0
$\begingroup$

Let the set S be infinite, and the set T countably infinite. S and T are both subsets of R. Show that S and S U T have the same cardinality.

I know we can discuss whether S is countable or uncountable, but is it true that, for example like this, countable set's cardinality basically does not count in the union of itself and an uncountable set?

$\endgroup$
2
$\begingroup$

Let $A$ be a countably infinite subset of $S$.* The first thing we want to do is find a map $g : A \to A \cup T$.

Since $A$ is countable, there's some bijection $\alpha$ from $\mathbb{N}$ to $A$, and same with $T$ (with bijection $\beta$). Define $\gamma : \mathbb{N} \to A \cup T$ as follows: $$\gamma(n) = \begin{cases} \alpha(\frac{n}{2}) & n \textrm{ is even} \\ \beta(\frac{n+1}{2}) & n \textrm{ is odd} \\ \end{cases} $$

Since $\gamma$ is a bijection, this tells us that $A \cup T$ is countable. So there's some bijection $g : A \to A \cup T$. Define $f : S \to S \cup T$ as follows: $$f(s) = \begin{cases} s & s \notin A \\ g(s) & s \in A \\ \end{cases} $$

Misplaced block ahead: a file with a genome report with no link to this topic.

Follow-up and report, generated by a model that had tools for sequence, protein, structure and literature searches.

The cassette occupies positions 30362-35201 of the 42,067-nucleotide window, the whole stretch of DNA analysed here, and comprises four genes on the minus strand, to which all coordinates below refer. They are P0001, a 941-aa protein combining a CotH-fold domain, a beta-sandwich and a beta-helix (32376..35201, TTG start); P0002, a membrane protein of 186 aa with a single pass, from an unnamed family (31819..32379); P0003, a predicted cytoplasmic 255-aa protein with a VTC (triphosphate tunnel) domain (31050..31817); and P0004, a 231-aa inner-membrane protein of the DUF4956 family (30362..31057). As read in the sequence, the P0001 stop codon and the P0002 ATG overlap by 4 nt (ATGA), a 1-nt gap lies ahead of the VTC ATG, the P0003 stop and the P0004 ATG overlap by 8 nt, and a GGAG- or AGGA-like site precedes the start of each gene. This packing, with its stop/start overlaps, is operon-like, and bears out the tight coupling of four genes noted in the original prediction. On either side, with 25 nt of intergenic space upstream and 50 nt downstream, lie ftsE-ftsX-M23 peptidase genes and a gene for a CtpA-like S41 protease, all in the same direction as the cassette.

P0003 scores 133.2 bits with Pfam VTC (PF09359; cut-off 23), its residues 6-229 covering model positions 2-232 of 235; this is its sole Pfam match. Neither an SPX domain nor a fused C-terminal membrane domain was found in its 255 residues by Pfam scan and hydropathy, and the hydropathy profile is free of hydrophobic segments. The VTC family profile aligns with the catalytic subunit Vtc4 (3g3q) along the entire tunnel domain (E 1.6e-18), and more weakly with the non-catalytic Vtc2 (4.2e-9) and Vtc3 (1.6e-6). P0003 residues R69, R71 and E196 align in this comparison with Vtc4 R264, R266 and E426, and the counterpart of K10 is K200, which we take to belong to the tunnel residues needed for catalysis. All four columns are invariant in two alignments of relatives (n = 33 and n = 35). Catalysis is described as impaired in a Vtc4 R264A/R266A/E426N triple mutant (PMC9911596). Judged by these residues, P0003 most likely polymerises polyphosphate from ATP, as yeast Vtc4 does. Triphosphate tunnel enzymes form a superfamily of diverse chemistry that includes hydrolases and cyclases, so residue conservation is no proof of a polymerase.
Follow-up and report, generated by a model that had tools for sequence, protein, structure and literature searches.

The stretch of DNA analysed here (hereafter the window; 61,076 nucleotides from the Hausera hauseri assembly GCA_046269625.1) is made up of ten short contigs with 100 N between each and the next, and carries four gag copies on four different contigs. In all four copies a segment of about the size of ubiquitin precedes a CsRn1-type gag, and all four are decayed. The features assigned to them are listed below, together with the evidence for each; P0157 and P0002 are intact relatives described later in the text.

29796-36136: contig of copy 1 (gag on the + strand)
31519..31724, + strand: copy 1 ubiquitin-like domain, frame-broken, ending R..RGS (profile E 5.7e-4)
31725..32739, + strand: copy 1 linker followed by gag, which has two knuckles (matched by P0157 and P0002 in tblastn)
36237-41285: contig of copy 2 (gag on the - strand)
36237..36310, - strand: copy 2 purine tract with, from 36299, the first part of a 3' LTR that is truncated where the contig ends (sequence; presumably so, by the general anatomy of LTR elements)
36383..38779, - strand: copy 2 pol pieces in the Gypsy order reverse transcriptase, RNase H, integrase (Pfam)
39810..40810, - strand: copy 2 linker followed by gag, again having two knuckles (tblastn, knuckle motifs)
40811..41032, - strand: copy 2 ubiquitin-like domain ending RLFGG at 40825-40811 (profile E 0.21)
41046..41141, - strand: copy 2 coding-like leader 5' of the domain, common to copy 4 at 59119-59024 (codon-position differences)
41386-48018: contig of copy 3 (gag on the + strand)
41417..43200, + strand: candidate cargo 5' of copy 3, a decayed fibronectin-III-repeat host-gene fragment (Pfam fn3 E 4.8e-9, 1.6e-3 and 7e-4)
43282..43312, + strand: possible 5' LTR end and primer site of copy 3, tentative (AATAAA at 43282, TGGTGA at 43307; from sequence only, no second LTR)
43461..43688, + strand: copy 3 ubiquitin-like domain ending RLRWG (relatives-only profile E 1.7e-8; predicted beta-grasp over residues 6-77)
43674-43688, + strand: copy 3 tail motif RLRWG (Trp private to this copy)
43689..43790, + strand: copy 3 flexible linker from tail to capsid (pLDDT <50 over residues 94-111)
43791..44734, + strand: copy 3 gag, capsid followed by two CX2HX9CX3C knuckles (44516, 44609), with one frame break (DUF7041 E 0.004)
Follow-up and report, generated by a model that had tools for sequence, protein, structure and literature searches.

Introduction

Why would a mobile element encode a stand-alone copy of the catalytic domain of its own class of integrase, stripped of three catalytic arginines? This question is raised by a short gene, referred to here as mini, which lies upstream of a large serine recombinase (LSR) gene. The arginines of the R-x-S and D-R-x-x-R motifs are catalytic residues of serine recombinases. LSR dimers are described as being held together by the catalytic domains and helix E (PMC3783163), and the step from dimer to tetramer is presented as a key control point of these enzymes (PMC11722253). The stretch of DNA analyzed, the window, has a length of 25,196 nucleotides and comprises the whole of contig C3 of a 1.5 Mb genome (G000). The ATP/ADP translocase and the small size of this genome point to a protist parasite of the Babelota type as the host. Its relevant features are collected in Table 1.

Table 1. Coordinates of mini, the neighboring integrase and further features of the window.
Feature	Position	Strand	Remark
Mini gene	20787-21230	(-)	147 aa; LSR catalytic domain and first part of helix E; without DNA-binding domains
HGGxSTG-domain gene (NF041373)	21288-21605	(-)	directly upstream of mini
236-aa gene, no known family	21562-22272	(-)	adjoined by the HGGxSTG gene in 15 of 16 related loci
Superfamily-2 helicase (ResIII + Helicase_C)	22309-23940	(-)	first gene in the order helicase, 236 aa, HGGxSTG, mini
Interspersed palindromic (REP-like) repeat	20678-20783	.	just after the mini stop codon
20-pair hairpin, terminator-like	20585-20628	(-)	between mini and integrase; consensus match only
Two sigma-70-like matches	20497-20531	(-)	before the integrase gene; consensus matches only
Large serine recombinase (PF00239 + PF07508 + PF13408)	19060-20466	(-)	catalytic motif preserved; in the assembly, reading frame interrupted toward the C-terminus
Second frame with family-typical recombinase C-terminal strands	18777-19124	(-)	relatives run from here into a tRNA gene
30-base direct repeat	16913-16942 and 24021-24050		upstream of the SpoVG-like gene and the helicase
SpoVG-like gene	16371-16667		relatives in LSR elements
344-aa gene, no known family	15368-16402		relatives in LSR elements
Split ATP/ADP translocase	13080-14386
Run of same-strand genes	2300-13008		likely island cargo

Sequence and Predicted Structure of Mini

*I'm not sure how one proves such a set exists. It's easy if you have the well-ordering theorem, but I think you can get away with a weaker form of Choice. Not sure how weak though.

$\endgroup$
  • $\begingroup$ Proof of this theorem must requires choice (at least, you assume that every Dedekind-finite set is finite). If $A$ is a Dedekind-finite infinite set and $A\cap\omega=0$, then $|A|<|A\cup\omega|$. $\endgroup$ – Hanul Jeon Sep 24 '14 at 23:55
  • $\begingroup$ The statement "every infinite set is Dedekind infinite" is strictly weaker than countable choice (over ZF), however I don't know whether there are more "choice-like" equivalent forms of this former axiom. So this basically is a hidden request to tell me about them. $\endgroup$ – Stefan Mesken Feb 6 '15 at 12:59

Your Answer

By clicking “Post Your Answer”, you agree to our terms of service, privacy policy and cookie policy

Not the answer you're looking for? Browse other questions tagged or ask your own question.